Perfect Potatoes In Any Soil (Or Nearly None)

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And Joyful Gardening The Lazy Way

Those whose gardens have been over-run by enthusiastic potato escapees may wonder why on earth anybody needs to know how to grow potatoes. They might rather inquire how NOT to grow potatoes. However, the blessed spud grows best in open, loamy soils and rather poorly in sandy ones. As for clay, they hate it and clay-borne potato diseases are legion. That’s why many clay country gardeners grow potatoes in bins or barrels rather than in the troublesome ground.

ruthstout2Years ago, Ruth Stout (sister to mystery writer Rex Stout) developed her famous no-dig, no-till gardening methods partly out of creative laziness and partly to get clean potatoes rather than scabby ones. Ruth filled her entire (though small) back garden with heaps of autumn leaves, grass clippings, and bales of straw and spoiled and/or salt marsh hay (often used for animal bedding in New England, at least it was when I was a girl). Gradually she created fabulous soil under deep mulch no weed could penetrate.

Pile It On

The redoubtable old gal lived well into her 90s and gardened the easy way right up to the end. She never tilled, sowed cover crops, weeded, watered or sprayed pesticides, and only fertilized with cottonseed or soybean meals. She never made compost either, preferring to do what was essentially sheet composting right in the garden beds. Happily for me, I found her books (now out of print) when in my 20s and have been a deep mulch devotee ever since. Stout often gave garden talks and when asked how to get started, she always suggested buying in bales of straw (not hay). When asked how much, she always replied, “Twice as much as you think.”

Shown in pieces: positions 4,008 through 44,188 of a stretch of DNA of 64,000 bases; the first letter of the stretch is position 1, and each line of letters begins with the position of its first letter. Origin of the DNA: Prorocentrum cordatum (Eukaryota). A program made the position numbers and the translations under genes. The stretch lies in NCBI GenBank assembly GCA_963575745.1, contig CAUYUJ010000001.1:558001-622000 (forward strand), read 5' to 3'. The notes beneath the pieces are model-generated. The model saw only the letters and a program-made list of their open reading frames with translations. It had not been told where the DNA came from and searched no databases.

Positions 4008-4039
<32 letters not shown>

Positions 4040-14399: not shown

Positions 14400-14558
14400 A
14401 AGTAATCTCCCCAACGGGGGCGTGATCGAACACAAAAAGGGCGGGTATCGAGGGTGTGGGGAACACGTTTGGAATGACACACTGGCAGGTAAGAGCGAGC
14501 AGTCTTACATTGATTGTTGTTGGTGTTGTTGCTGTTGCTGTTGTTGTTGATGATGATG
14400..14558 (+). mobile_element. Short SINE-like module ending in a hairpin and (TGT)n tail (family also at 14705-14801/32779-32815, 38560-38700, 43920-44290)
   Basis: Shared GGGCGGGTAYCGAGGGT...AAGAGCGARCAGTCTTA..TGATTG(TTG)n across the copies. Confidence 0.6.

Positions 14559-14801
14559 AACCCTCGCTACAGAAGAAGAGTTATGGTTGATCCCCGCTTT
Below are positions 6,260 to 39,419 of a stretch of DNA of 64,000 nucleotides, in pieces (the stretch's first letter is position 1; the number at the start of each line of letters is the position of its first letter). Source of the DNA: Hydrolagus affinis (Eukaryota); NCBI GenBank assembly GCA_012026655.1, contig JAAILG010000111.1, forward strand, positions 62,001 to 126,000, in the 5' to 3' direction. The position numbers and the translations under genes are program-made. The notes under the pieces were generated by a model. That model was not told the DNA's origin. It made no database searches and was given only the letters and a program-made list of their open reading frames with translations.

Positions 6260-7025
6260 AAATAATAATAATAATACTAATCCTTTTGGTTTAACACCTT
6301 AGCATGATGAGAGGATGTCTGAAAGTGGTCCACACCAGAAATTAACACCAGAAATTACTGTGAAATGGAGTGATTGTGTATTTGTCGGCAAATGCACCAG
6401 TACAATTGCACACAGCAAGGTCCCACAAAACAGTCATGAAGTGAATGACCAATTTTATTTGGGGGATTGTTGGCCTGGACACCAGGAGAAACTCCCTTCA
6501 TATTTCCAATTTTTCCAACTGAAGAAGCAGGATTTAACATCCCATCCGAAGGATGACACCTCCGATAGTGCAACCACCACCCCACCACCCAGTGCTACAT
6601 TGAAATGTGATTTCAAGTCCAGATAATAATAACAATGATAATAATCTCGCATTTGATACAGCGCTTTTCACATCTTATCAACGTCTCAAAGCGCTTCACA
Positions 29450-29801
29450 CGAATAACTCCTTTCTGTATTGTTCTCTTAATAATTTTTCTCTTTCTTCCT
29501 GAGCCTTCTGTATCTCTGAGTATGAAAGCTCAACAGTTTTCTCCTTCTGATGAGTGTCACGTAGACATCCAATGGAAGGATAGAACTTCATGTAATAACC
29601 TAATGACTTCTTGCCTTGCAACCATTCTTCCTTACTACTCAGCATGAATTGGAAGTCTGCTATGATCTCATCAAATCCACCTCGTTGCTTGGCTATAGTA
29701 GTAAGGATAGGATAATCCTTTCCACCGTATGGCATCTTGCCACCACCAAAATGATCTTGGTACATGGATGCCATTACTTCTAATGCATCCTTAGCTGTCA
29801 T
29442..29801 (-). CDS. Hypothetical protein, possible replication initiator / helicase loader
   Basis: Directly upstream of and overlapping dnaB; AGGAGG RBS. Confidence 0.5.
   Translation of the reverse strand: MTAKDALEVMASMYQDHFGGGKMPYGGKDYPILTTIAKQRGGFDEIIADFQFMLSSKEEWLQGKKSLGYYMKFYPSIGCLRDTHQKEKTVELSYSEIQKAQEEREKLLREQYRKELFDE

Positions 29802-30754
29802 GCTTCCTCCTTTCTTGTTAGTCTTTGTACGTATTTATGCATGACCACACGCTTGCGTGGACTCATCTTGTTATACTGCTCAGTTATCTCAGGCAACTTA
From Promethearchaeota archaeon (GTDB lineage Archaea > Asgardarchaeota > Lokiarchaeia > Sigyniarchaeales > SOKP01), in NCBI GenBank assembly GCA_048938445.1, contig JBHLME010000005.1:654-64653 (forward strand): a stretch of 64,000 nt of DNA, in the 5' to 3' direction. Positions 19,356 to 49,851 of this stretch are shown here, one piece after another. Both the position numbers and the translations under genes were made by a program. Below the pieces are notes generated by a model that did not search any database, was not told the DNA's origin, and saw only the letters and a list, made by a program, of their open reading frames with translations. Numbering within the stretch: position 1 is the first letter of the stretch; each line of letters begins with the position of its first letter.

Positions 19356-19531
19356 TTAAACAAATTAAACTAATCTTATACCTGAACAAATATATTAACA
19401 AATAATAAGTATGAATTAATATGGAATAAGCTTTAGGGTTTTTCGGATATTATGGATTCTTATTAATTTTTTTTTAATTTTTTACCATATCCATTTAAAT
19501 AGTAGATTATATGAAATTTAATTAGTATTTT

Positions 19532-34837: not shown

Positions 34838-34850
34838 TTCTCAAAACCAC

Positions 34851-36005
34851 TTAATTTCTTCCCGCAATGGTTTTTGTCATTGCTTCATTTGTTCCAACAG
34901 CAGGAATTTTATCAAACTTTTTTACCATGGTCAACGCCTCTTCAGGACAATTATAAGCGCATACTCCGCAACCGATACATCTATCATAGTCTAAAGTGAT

Happily, one of her garden pals was more scientifically oriented and in her books, she offered HIS assessment, which was that it takes about half a ton of loose hay or 25 50-pound bales to cover a 50 x 50 foot space. That savvy fellow also suggested buying in as much again to use through the growing season. I admit I never bought a ton of hay all in one go, but I did take Ruth’s admonishments to heart about maintaining at least an 8 inch depth of loose mulch in my edible beds.

Grow Potatoes In Straw, Not Clay

If you enjoy eating potatoes, you can use organically grown potatoes to make starts of kinds you like eating. To do that, leave potatoes that have sprouting eyes in a sunny spot for a few days. When the shoots start to elongate, cut the potatoes in big chunks (about the size of an egg), each with an eye or two. Put the chunks on a bakers’ cooling rack to harden off for a day or overnight (a sort of skin will form over the cut places). When the cuts are clean and dry, you can plant.

It’s also deeply rewarding to buy seed potatoes of interesting kinds not locally available to broaden your kitchen palette. If certified organic, seed potatoes won’t carry pesticide residues from your garden to your plate. Whether home started or store bought, don’t let them sit around; plant your potato starts as soon as possible to get the healthiest, strongest plants. Aim to have early varieties in the ground by mid April, adding mid- and late-season varieties in May and June.

A Sweet Bed Of Straw

If your soil is heavy like mine, you will get superior results by growing your potatoes in a bed of straw. To do this in the ground, dig the usual trench (four inches deep and a foot wide), scratch in some cottonseed meal or soy meal, then amend the soil well with mature compost. If containers are your preference or necessity, fill them with about six inches of well amended potting soil, adding seed meals here as well.